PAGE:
THE EBOLA outbreak in West Africa was pushing economies in the region to breaking point and billions of dollars were needed to offset the economic damage wrought by the virus, Guinean President Alpha Conde has said.
Guinea needed about $1.2 billion (M13bn) to combat the virus and for budget support following the death of 800 people in the country, Mr Conde said at the weekend. Neighbouring Sierra Leone required as much as $1bn for similar reasons, Finance Minister Kaifala Marah said.
“We wish the panic would stop,” Mr Conde said, referring to the isolation Ebola-stricken countries faced as borders were closed to curb the spread of the disease. “In combating Ebola, we risk creating an even worse evil, namely breaking African economies.”
Ebola has killed more than 4 000 people in five countries in West Africa since the virus was found in Guinea’s eastern forest region in December.
Emirates Airline, British Airways and other carriers have scrapped flights to Guinea, Liberia and Sierra Leone.
West African economies would lose as much as $32 billion because of the outbreak, throwing Guinea and Liberia into recession, the World Bank said last week.
Guinea requires funds to build 15 Ebola treatment centres before the end of the month. The country currently has two such facilities. Helicopters might also be necessary to circumvent bad roads, Mr Conde said.
“The sooner the disease is stopped, the fewer economic consequences there will be,” he said. “What we have received so far is not nearly enough.”
Sierra Leone needed aid to cover the cost of fighting the hemorrhagic fever, paying for imports, and replacing the revenue lost because of the economic slowdown in the country, Marah said.
“We are a fragile state,” he said. “We are crunching the numbers to see what should be done: Should we make cuts? Should we suspend some development projects? We have no choice.”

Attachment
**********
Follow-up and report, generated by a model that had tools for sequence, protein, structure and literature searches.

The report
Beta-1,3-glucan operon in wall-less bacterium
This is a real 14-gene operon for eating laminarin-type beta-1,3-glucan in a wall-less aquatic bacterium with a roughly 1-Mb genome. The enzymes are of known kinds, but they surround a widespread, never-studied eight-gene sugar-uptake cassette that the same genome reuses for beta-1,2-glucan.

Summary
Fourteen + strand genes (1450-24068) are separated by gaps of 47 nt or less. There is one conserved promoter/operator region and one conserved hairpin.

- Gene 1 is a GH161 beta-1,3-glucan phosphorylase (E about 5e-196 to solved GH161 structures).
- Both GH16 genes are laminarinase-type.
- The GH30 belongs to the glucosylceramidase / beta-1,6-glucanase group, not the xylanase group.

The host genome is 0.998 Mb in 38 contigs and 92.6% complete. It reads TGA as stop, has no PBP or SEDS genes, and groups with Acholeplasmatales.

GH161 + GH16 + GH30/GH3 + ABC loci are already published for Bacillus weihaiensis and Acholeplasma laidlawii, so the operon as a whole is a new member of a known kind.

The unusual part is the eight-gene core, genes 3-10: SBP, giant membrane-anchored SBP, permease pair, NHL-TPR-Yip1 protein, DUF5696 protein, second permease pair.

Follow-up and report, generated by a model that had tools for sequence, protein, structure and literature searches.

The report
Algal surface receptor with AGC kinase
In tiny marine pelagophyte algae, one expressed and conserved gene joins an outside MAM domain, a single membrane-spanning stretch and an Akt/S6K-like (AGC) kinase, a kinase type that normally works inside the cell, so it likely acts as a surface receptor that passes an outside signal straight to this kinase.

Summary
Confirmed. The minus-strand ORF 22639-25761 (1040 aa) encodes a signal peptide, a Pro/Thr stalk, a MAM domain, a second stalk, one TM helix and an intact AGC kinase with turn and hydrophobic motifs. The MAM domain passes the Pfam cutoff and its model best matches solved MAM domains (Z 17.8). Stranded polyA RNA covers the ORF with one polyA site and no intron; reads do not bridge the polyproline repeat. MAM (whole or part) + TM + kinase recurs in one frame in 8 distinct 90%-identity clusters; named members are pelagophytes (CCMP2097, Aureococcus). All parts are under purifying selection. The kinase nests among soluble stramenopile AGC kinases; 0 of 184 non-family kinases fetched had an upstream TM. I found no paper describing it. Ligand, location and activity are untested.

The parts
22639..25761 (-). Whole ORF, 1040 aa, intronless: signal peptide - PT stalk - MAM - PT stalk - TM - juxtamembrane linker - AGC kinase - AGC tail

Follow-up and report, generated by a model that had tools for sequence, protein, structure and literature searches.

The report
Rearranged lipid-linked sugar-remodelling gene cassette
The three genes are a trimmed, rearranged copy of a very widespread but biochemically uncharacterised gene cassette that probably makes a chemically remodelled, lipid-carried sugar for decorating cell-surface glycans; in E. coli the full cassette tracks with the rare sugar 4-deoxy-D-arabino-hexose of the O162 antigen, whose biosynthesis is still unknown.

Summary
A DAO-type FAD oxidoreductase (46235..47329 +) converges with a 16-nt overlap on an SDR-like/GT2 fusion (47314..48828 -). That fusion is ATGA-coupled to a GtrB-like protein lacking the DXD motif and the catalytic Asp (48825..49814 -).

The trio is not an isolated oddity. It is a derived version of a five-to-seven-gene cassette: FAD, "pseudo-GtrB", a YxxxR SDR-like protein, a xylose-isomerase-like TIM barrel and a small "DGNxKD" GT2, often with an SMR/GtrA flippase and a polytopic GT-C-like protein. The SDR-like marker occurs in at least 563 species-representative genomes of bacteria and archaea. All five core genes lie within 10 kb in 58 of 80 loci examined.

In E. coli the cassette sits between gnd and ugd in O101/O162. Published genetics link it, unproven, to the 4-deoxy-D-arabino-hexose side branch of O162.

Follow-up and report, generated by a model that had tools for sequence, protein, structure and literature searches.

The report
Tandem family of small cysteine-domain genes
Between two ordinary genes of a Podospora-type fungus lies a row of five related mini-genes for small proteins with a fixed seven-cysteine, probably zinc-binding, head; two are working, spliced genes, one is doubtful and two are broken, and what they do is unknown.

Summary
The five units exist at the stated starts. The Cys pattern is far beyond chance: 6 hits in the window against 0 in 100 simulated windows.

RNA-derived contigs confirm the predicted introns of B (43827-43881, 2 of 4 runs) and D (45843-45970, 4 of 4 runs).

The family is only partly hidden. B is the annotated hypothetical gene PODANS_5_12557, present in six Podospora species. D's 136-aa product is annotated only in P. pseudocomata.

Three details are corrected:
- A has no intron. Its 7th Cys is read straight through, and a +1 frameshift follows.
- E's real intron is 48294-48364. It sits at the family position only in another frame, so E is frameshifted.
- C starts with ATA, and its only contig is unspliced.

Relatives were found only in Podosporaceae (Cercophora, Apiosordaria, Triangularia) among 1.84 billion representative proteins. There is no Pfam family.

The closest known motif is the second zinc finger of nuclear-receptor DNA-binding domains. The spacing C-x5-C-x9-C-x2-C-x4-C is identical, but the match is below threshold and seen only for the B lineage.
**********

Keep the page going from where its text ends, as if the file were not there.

The government had adjusted its growth forecast to between 7 percent and 8 percent this year, he said. That compares with an estimate earlier this year of 14 percent, more than double the sub-Saharan African average.
Sierra Leone’s two largest iron ore companies are on the verge of collapse, threatening about 16 percent of the economy. African Minerals, the largest contributor to the economy, has slumped 92 percent this year.
London Mining is down 96 percent as the Ebola outbreak has deterred potential investors for its iron ore mine.
Meanwhile, International Monetary Fund (IMF) chief Christine Lagarde on Saturday pleaded with people to remember that all of Africa has not been hit with the deadly Ebola epidemic, which remains relatively isolated in three countries.
With those three West African nations – Sierra Leone, Guinea and Liberia – already seeing their economies crumble because of the disease, Lagarde emphasised: “We should be very careful not to terrify the planet in respect of the whole of Africa.”
“These three countries are severely hit. We are going to try to give them as much support as we can; the big urgency is to stop it, contain it.”
“But it’s not the whole of Africa,” she stressed.
“Businesses have to continue, the economies of all the others countries have to keep on working and creating jobs.”
To underscore the message, Lagarde was wearing a large button on her lapel declaring “Isolate Ebola, Not Countries”, which was given to her by Guinea’s President Alpha Conde.
The call came as the annual meetings of the International Monetary Fund and World Bank were wrapping up in Washington.
Ebola was singled out as a pressing threat during the meetings, and both institutions pressed the world for stronger, faster efforts to combat the disease. – Bloomberg